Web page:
Before actually reading, I explained to my students that the author will often tell us the story elements of character, setting, and plot, but that we have to do work to understand all of the details that the author includes to make these elements rich and interesting.  I told them that students can use picture and word clues to fully understand a story.  I then restated that today as they read they were read to find out who the characters are, when and where this story takes place, and what the plot is.

Using the magic cup I selected students to read 2 or 3 pages from the story.  During the reading, I stopped every three or four pages and asked my students the following questions (I told them only to think about the answers and not say them out-loud):

  • Who are the characters?
  • What are they doing?
  • What time does the story take place?
  • Where does the story take place?
  • Why are they doing what they are doing? 

When we finished reading I reminded my students that they needed to be able to show me where they got their answers, or explain how they got them.  I then gave my students a moment to think about how they could find out the answers to the above questions.  After a moment of think time I used the magic cup to call on students to share an answer with the class.  The answers these students provided included: ‘re-read’, ‘look at picture clues’, ‘use what I already know’, and ‘ask a friend.’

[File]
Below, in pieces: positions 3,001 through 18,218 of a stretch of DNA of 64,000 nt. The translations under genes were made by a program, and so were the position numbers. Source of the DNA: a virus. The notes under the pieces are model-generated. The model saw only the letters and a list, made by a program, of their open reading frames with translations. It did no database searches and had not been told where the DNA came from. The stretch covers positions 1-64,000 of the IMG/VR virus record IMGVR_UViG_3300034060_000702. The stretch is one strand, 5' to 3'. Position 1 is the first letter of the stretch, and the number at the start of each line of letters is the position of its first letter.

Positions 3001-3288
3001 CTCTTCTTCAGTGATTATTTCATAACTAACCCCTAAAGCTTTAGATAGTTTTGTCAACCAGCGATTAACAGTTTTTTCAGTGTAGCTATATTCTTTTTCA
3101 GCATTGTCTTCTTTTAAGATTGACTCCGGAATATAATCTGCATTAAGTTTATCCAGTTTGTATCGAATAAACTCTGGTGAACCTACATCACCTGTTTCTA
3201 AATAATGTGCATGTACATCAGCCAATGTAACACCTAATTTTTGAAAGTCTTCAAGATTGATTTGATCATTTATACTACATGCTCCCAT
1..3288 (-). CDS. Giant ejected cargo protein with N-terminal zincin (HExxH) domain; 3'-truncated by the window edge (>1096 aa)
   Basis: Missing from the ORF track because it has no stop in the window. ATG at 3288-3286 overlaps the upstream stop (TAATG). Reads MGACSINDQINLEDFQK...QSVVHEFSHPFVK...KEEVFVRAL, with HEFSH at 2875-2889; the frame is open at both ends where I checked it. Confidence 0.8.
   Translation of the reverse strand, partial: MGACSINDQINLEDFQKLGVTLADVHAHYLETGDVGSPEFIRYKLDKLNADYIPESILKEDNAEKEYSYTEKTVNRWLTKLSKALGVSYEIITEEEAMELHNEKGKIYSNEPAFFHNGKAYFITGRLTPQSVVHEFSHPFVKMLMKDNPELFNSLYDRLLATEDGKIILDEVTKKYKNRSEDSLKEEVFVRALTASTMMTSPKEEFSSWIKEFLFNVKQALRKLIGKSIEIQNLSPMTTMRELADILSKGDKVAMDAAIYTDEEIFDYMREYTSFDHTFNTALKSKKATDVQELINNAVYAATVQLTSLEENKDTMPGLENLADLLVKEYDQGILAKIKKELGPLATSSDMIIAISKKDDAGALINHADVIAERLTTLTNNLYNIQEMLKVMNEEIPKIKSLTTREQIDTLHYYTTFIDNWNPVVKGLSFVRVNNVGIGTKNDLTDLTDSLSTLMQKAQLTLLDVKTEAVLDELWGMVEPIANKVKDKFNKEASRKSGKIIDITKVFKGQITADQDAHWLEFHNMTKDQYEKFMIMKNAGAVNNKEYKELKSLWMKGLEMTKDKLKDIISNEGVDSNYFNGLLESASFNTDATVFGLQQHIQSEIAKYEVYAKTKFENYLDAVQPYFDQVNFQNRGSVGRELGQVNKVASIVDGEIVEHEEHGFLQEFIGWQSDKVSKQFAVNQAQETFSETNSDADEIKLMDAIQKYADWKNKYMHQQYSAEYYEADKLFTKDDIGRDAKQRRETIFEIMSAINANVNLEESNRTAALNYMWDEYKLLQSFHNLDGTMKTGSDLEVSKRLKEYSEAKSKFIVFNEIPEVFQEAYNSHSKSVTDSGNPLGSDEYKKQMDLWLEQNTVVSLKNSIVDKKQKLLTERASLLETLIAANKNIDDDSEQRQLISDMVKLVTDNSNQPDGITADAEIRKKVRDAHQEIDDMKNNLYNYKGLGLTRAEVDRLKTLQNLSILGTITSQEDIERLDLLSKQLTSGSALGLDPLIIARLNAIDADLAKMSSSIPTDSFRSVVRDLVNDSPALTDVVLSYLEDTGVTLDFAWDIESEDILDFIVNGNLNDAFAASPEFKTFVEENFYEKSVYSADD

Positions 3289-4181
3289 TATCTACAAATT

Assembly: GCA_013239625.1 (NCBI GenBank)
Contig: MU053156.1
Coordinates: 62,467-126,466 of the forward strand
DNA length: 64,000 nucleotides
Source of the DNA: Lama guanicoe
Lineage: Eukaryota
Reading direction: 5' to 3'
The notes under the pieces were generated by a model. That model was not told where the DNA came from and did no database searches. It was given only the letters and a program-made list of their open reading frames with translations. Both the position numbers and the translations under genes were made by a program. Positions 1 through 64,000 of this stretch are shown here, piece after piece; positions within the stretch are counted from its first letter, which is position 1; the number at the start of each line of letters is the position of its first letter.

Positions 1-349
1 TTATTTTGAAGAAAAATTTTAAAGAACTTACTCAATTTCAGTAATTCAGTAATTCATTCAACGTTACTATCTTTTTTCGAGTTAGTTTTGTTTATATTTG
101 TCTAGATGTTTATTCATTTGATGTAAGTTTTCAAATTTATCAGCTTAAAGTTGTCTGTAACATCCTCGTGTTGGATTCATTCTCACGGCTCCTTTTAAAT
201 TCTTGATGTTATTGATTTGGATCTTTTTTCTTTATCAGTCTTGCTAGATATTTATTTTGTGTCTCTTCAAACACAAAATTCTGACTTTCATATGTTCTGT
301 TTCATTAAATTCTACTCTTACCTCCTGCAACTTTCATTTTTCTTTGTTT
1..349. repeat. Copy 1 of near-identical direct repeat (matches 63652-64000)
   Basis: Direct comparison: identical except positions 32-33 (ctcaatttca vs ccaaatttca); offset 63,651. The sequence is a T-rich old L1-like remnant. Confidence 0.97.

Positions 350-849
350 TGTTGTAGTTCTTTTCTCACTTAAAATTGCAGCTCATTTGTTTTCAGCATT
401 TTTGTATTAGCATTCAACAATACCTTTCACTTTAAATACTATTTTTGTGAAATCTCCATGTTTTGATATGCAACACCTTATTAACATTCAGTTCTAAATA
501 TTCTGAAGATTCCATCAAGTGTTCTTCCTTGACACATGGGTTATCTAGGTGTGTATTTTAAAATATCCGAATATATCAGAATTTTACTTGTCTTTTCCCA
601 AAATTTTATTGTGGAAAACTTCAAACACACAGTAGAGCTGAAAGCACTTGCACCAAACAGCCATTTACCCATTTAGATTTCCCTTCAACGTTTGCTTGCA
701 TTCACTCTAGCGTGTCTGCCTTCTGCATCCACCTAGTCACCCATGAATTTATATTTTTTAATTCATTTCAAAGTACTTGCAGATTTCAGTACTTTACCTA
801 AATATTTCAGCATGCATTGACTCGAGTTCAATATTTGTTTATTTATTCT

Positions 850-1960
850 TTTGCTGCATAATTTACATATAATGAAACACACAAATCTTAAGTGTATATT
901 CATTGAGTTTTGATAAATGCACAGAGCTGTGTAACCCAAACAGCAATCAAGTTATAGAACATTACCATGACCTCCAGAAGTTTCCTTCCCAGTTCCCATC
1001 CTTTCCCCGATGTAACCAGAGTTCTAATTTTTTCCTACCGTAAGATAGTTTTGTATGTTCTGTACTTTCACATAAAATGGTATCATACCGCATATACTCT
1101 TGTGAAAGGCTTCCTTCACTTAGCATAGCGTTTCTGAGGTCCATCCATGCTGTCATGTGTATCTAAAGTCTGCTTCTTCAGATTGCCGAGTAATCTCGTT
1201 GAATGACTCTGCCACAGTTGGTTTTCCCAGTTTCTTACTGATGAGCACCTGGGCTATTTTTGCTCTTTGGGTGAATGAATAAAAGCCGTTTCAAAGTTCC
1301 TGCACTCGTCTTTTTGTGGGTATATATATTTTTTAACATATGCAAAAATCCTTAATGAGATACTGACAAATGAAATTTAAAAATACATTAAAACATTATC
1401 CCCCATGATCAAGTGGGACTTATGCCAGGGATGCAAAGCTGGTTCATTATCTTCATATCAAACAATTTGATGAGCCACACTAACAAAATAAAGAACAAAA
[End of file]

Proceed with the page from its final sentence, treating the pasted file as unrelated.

Collaborative Activity

20 minutes

I then displayed the What and How I Know activity sheet on the Promethean board and explained that they would work with their table partners to re-read the story and to finish the activity sheet.  Before passing out their copies of the What and How I know Activity Sheet, I used the magic cup to select a student to restate the directions to the class.